ARTICLE | doi:10.20944/preprints202302.0474.v1
Subject: Behavioral Sciences, Applied Psychology Keywords: Vaccine; COVID-19; Preventive behaviors; Norm; Japan; Panel data
Online: 27 February 2023 (10:28:45 CET)
The coronavirus disease (COVID-19) vaccine is key to reducing the probability of contracting COVID-19. The vaccine is generally known to prevent severe illness, death, and hospitalization as a result of the disease and for considerably reducing COVID-19 infection risk. Accordingly, this might significantly change an individual’s perceived risk of altering everyday behaviors. For instance, the proliferation of vaccination is anticipated to reduce preventive behaviors such as staying at home, handwashing, and wearing a mask. We corresponded with the same individuals monthly for 18 months from March 2020 (early stage of COVID-19) to September 2021 in Japan to independently construct large sample panel data (N=54,007), with a participation rate of 54.7 %. We used a fixed effects model, controlling for key confounders, to determine whether vaccination was associated with a change in preventive behaviors. The major findings are as follows. Contrary to the prediction, (1) based on the whole sample, being vaccinated against COVID-19 led people to stay at home; however, it did not change the habit of handwashing and wearing a mask. Especially after the second shot, respondents were likelier to stay at home by 0.107 (95% CIs: 0.059–0.154) points on a 5-point scale compared to before the vaccination. Dividing the entire sample into young and old, (2) those aged ≤ 40 years were more likely to go out after being vaccinated, and (3) people over 40 years of age were more likely to stay at home (similar to the first result). Preventive behaviors impact all individuals during the current pandemic. Informal social norms motivate people to increase or maintain preventive behaviors even after being vaccinated in societies where these behaviors are not enforced.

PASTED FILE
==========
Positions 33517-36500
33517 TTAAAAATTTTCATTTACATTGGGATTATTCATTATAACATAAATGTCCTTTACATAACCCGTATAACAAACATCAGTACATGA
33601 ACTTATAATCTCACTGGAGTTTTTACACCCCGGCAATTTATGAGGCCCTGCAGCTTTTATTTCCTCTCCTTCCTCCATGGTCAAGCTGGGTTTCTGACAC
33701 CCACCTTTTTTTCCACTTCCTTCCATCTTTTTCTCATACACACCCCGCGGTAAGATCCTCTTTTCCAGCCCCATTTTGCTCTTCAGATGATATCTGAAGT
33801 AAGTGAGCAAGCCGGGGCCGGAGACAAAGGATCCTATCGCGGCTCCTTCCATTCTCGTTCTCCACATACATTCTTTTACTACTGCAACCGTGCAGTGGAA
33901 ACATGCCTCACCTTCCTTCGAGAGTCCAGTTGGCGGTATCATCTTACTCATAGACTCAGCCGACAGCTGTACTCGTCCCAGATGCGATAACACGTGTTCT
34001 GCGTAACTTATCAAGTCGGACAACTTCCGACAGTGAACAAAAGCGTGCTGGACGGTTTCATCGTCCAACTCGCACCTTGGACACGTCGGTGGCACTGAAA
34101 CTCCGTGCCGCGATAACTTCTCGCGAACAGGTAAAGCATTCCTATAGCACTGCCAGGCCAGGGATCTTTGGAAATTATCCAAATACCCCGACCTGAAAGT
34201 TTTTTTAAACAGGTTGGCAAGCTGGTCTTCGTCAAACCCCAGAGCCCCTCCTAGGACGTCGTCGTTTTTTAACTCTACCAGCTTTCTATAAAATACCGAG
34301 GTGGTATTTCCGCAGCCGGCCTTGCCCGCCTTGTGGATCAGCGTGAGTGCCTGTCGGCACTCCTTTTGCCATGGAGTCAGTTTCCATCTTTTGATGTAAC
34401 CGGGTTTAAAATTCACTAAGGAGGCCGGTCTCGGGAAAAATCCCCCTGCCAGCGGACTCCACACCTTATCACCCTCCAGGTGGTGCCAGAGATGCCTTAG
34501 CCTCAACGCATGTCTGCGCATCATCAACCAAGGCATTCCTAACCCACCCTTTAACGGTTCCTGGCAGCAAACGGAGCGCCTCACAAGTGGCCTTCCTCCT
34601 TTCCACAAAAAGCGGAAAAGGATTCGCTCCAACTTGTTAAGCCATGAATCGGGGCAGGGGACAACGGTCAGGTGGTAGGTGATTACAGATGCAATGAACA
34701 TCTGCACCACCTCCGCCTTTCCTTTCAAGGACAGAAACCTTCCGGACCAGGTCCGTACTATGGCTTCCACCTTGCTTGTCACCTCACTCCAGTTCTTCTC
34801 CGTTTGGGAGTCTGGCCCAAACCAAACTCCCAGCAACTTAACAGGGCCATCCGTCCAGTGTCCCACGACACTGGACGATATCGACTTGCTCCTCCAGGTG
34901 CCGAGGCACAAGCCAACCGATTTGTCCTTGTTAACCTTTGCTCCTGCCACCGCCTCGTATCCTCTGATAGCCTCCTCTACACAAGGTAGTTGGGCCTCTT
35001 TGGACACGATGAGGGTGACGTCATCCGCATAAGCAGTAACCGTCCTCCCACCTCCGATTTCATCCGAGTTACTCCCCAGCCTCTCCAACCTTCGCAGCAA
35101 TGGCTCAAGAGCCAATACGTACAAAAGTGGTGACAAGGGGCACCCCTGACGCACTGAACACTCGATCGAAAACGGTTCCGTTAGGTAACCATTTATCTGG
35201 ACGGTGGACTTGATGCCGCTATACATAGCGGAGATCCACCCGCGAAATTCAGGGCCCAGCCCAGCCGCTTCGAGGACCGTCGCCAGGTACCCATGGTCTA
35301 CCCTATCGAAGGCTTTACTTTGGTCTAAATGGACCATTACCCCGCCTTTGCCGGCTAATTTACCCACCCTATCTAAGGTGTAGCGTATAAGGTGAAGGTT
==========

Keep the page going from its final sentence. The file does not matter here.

ARTICLE | doi:10.20944/preprints202302.0469.v1
Subject: Medicine & Pharmacology, General Medical Research Keywords: Long COVID; Laboratory Markers; Haematological Tests
Online: 27 February 2023 (09:53:40 CET)
Long COVID affects a significant number of people after acute coronavirus disease 2019 (COVID-19), and haematological changes can persist in the COVID-19 phase. This study aimed to evaluate these haematological laboratory markers, linking them to clinical findings and long-term outcomes in patients with long COVID. This cross-sectional study selected participants from a ‘long COVID’ clinical care programme in the Amazon region. Clinical data and baseline demographics were obtained, and blood samples were collected for quantification of erythrogram-, leukogram-, and plateletgram-related markers. Long COVID was reported for up to 985 days. Patients hospitalised in the acute phase had higher mean red/white cell, platelet, and plateletcrit levels and red cell distribution width. In addition, haematimetric parameters were higher in shorter periods of long COVID. Patients presenting with more than six concomitant long COVID symptoms had a higher white blood cell count, shorter prothrombin time (PT), and increased PT activity. Within up to 985 days of long COVID, our results suggest a probable benign compensation for erythrogram-related markers. Increased levels of leukogram-related markers and increased coagulation activity were observed in the worse long COVID groups, also indicating an exacerbated response after the acute disturbance, which is uncertain and requires further investigation.